Eight Hours on a Lao Boat to Watch a Woman Pick Her Nose
Words and Photos by Jacob Moss
Location: From Luang Prabang, the Mekong and the Nam Ou river, into the remote village of Nong Khiaw, Laos.
The white, hand-made miniature wooden chair seems as if it has been transplanted from some eleven-year-old girl’s tea house. Lashed with rope to the side of the cardboard boat that’s bobbing on the water as if nodding, confirming your initial thought; for the next eight hours, you should have considered travel insurance and brought an extra fluffy pillow.
“Scenes of village life and of a people and an economy dragged along by agriculture like a plough being dragged by a buffalo remind me of a time I never lived.”
From the ex-colonial town of Luang Prabang, where baguettes and croissants are found alongside noodles and rice in any restaurant’s menu, I board a boat on the Mekong heading north to the Nam Ou river. This trip came recommended as an “insider tip” from a German restaurateur married to a Lao girl: “Don’t take the slow boat along the Mekong into Thailand – that’s what all the tourists do,” he advised. “Go north on the local boat along the Nam Ou river – the scenery is far more spectacular.”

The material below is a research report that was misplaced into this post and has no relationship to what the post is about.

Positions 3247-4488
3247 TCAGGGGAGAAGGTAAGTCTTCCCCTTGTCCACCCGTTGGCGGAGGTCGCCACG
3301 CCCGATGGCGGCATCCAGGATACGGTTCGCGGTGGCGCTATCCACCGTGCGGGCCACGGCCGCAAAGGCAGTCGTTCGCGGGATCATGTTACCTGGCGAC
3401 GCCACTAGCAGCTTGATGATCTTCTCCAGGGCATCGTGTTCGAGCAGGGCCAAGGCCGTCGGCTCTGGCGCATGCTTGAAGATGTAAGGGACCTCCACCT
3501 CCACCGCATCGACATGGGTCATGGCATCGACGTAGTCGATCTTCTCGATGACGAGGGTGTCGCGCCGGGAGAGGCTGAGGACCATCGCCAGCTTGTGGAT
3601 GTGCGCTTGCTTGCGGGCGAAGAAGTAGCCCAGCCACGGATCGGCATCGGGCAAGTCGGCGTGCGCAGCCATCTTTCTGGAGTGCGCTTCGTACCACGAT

Not a local is to be seen on the suggested boat, which leaves Luang Prabang full of tourists, heading north against the current.
Like most of South East Asia, no matter how hard a person tries to travel independently here, the foreigner is always handicapped, disabled in some way. All roads lead back to the well-oiled tourist trail, whether you like it or not. There are few places left where tourists are yet to plant their flag.
Soured with this reality on this particular day, I sit at the rear of the boat in an attempt to avoid conversation. (read more…)